I’m sure you’ve seen them — curricula that people tell you is Charlotte Mason and is absolutely loaded with historical fiction.
When I first started homeschooling 17 years ago, the choices for curricula were slim. Facebook didn’t exist, forums were in their infancy, and email lists were spread mainly through word of mouth rather than search engines. Even learning what curricula was available was a challenge.
I chose a literature-based homeschooling curriculum, but we struggled with it. Later, we switched to a different literature-rich curriculum with less historical fiction. And suddenly, our joy was back. It’s no that the first curriculum was bad. With that switch, I realized that my daughter simply did not learn well from historical fiction.
Sure, they were fun, but as far as learning history that way? A bust.
Both of these curricula though were — and still are — widely touted as using the Charlotte Mason method.
I thought that while Charlotte Mason was a nice philosophy, it obviously couldn’t work for my kid-who-doesn’t-like-historical-fiction.
I was wrong.
Historical Fiction in the Programmes
When I first began really digging into the PNEU programmes in preparation for writing Wildwood Curriculum, I still held that deeply ingrained belief that Charlotte Mason = historical fiction.
What I found was something else entirely.
While historical fiction can be used to help ‘flesh out’ studies or even bring them to life, they are not a major component of a Charlotte Mason education.
In Form I in the PNEU (Parent’s National Education Union) programmes from the 1920s and early 1930s, we see no historical fiction used for either literature or history.
What we do see is books about children in other countries, and fairy tales from various cultures.
Literature vs. History
Forms II and above for that same time period do have historical fiction, at a rate of 1-2 books per term. These are listed under “literature” rather than “history”. While they could be used to add flavor to the historical studies, they were never intended to replace the non-fiction living books used for history.
This is good news for those of us whose children shy away from historical fiction. If your child doesn’t like it, simply use a different high quality book for literature.
Look at those figures again — 1-2 books per term. That’s 3-6 books per year, though I found that the programmes tended to have 3-4 books per year of historical fiction. This is a far cry from the literature-based curriculum I used when I first started, which has 25 books of historical fiction for their program meant for ages 8-12.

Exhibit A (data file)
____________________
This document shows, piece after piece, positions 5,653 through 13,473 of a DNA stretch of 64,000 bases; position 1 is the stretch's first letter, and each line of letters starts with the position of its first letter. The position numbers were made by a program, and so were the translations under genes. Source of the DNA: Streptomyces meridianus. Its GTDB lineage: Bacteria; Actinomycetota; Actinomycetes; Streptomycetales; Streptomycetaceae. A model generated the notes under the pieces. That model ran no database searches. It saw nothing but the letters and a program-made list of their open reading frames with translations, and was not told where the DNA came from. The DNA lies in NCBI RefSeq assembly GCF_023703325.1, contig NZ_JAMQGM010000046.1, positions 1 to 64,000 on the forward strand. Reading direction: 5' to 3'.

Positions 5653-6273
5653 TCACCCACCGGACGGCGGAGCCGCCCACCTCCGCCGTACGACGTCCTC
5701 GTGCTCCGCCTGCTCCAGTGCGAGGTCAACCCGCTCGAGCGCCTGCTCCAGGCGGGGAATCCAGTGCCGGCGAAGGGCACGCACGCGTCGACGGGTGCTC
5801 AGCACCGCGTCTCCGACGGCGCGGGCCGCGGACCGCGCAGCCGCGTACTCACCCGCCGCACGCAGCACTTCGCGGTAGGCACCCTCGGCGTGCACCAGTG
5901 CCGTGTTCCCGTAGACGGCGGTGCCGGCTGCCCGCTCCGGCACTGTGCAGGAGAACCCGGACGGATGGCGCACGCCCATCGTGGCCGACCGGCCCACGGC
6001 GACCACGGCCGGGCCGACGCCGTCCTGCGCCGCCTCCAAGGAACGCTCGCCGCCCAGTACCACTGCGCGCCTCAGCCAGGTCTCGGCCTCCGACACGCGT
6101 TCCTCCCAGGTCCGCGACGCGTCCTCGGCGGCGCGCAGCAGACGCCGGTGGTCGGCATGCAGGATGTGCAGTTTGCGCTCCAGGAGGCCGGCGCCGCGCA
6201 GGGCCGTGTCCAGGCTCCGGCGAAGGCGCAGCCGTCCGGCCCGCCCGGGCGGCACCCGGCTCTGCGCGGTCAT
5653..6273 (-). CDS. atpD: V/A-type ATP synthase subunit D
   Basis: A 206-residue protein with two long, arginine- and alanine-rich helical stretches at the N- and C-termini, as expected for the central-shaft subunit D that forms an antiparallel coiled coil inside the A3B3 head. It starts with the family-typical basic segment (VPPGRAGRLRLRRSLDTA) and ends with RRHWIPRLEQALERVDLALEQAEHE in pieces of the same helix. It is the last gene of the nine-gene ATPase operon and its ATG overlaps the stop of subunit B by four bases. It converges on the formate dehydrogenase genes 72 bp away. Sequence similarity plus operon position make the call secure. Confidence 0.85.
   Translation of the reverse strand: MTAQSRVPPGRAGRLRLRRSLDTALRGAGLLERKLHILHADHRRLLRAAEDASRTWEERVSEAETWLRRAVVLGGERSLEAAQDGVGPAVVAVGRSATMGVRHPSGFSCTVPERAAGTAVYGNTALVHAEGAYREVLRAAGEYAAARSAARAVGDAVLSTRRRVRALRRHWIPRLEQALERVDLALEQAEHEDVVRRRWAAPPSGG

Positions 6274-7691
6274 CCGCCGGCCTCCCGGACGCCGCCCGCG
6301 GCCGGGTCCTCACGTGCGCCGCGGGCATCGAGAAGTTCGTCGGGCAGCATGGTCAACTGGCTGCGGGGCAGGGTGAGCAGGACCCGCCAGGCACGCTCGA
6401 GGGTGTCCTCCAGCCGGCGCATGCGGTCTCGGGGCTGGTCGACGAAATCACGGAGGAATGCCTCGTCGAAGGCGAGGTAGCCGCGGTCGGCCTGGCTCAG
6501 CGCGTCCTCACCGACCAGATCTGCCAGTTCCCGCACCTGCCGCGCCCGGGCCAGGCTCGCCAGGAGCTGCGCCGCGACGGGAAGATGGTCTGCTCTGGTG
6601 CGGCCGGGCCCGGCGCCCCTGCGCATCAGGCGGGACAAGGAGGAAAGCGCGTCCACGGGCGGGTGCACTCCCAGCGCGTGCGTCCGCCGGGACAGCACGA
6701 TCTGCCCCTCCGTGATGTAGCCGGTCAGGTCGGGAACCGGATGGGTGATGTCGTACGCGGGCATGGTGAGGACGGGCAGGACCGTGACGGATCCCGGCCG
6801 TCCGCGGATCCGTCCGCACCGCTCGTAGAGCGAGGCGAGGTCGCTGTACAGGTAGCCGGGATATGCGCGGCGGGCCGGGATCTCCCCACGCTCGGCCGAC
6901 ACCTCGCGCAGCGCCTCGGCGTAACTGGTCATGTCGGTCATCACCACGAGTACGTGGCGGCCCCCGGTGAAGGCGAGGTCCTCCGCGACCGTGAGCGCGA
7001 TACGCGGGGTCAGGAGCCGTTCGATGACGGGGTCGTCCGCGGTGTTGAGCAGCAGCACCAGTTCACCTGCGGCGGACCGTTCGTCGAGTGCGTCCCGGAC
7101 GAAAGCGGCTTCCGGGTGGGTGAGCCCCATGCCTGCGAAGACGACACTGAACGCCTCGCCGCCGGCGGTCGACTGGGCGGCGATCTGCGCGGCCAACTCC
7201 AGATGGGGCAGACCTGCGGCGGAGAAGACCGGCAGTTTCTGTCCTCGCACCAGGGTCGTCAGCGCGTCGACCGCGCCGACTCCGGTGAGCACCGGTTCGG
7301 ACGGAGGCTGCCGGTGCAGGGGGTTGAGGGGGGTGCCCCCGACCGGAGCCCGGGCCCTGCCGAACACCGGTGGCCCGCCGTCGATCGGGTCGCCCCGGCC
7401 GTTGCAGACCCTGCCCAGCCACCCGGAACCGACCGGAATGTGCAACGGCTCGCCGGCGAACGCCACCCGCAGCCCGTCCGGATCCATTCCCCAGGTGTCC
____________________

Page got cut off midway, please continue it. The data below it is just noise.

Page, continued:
What would Charlotte do?
Some would argue that historical fiction was in its infancy in this time period, and that is the reason that Charlotte Mason didn’t use historical fiction as extensively as many literature-based curricula that call themselves CM do today.
This is a rather touchy argument. It’s rather like saying, “If this were as popular and widespread when Miss Mason was alive as it is today, surely she would have used it more. Therefore, we are justified in using these in a much higher proportion than she did.”
This is problematic on a few levels. First, no one actually knows what Charlotte Mason would do with today’s resources. She may have used historical fiction much more than we do now, or she may have used it much less. She may have used exactly the same amount, that is, approximately one book per term.
Second, when we say with a broad stroke “this is what she would have done,” we take away from the purpose of studying her works and programmes. In my opinion, it’s fine to say “this is what I have decided for my own family” but not “this is what Charlotte would have done if only ….”
Third, historical fiction as a genre was actually established in the early 1800s. Sir Walter Scott was the one who brought it to popularity, but he wrote Waverly in 1814. There had been a full hundred years of additional historical fiction to draw from by the time the PNEU programmes were in use.
And yet, we still see generally only one book per term that might be considered historical fiction today.
Does “Living Book” = Historical Fiction?
Why the disconnect? I think it’s the emphasis on “living books” in a Charlotte Mason education. That is not a problem; as a matter of fact, living books are indispensable to the method. The problem comes when people think that “living book” equals “fiction.”
I plan to do a blog post on living books in the near future, but let me just say this here: while a living book can be fiction, it is not a requirement. The requirement is that they be written in a literary manner.
As a matter of fact, the vast majority of living books in the PNEU programmes were non-fiction.
Judicious use of historical fiction in a Charlotte Mason education is fine, but don’t rely on them for the bulk of your children’s education.
One to two books per term should be the maximum, beginning at approximately 9 or 10 years of age (Form II).
More than that and you are taking away from other essential elements of a CM education.